By being against gun ownership for the masses, many Americans have the feeling that they act against the country's Founding...
Guns are a part of the nation's history and they were one of the reasons why people were able to go against English authority and eventually win the Revolutionary War. Although the country's law enforcement situation changed significantly ever since the late eighteenth century, many are still unable to leave their traditions behind and thus lobby with regard to how the authorities should continue to support the right to own guns.
Gun control laws are obviously affected by the Second Amendment, as people have the tendency to interpret it in accordance with their interests. The Second Amendment contains complicated clauses and phrasing, the text makes it difficult for readers to reach a conclusion regarding its exact purpose. Concept like a 'militia', the 'people', and the type of arms the text is referring to can be especially confusing. This makes it possible for both gun-ownership supporters and individuals in favor of gun control to interpret the text with the purpose of influencing federal courts to see their perspective as the correct one (Heller).
Interpreting the Second Amendment
The most recent Supreme Court decision regarding the Second Amendment is the United States v. Miller one, but it provides little information about the topic under discussion. When considering the Second Amendment, pro-gun communities believe that it directly emphasizes the need for people to own guns while anti-gun communities consider that the act is really meant to highlight the need for a militia unit in the country.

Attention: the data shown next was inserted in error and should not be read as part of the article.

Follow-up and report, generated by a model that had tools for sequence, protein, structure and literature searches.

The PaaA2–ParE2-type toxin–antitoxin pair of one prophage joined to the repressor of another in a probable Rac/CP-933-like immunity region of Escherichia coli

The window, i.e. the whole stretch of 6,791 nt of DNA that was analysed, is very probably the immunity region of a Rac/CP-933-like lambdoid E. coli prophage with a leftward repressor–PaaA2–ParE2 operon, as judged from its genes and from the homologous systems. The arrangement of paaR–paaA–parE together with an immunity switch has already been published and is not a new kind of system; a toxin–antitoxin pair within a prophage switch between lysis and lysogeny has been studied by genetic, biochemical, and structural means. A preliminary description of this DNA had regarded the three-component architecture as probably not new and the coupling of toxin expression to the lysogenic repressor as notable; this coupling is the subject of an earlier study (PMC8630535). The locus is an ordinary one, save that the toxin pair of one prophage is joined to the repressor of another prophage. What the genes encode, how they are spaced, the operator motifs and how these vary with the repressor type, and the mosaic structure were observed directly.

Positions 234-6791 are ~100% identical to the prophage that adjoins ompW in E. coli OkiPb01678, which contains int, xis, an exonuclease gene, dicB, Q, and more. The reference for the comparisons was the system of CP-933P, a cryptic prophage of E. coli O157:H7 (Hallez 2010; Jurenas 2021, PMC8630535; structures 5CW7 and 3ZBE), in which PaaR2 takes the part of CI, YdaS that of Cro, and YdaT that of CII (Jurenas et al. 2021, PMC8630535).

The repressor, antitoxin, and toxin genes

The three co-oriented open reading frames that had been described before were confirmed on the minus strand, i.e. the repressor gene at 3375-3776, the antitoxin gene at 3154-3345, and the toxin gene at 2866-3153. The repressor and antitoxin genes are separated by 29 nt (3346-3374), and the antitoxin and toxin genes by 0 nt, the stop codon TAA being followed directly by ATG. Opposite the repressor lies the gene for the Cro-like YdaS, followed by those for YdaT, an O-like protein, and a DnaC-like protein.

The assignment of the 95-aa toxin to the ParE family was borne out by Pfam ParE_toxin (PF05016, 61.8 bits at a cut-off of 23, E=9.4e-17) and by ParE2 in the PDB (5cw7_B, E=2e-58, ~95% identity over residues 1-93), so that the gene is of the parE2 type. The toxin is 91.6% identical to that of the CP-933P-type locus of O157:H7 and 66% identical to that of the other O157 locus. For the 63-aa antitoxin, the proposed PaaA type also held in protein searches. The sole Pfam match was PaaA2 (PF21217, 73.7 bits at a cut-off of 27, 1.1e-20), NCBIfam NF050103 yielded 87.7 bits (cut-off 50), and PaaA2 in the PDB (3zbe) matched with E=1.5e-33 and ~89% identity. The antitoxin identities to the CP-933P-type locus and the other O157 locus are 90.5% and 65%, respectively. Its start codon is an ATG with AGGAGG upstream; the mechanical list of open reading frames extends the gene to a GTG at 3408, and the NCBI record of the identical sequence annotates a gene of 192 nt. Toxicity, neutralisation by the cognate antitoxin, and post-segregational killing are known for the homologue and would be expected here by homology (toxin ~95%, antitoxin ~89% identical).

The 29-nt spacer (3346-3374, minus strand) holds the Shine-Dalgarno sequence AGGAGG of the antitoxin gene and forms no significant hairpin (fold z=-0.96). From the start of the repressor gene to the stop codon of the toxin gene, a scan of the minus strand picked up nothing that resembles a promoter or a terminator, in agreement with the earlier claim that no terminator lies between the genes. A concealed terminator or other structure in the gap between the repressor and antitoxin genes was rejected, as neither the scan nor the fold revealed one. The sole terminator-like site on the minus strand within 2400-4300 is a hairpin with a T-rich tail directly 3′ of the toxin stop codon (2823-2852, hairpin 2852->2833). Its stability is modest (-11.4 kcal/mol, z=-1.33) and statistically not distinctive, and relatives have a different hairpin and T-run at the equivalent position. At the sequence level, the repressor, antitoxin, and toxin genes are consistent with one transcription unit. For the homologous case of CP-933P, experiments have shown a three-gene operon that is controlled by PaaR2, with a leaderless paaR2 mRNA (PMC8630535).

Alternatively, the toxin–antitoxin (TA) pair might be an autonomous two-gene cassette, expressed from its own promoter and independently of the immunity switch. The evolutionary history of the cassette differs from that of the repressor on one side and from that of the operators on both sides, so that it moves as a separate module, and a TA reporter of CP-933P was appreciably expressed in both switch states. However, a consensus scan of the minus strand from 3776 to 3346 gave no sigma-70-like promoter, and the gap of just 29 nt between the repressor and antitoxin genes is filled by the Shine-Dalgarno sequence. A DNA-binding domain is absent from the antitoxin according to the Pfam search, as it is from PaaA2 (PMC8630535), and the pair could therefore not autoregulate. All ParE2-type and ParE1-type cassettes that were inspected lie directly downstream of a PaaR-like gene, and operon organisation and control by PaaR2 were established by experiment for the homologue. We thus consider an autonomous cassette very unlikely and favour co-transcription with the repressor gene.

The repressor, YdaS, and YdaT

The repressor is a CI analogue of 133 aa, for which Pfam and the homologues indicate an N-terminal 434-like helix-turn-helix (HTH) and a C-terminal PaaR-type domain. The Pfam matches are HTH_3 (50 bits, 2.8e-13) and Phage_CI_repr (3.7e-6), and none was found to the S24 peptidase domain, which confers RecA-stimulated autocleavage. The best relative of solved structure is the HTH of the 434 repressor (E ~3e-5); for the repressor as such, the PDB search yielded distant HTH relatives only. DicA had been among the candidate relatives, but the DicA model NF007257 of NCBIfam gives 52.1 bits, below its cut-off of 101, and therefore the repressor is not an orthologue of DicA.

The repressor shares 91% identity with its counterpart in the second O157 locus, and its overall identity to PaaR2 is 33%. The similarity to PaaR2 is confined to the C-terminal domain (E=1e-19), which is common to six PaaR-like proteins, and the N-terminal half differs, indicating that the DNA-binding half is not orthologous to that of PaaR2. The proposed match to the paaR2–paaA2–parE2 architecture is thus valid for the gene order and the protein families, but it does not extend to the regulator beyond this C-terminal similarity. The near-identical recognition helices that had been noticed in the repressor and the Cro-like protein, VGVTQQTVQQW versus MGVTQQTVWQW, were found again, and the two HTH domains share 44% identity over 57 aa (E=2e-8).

Individuals supporting gun control relate to the effects that guns have had on the U.S. during recent years. "It has been estimated that economically the cost of gun violence is on the border of $100 billion per year." (Chemerinsky, 479) Furthermore, the majority of murders, numerous robberies, and a series of other illegalities are committed using firearms. In response to this, gun supporters claim that these statistics have no relevance in the context of the Second Amendment (Chemerinsky, 479). In a way, the act stands as the perfect example of how a law in the Constitution can be interpreted in several ways depending on people's thinking. This makes it possible to perceive NRA success as "a textbook example of a special interest group capturing the legislative process, and the remedy is to file lawsuits asking courts to impose gun controls that would otherwise be passed by a truly representative legislature" (Lytton, 154).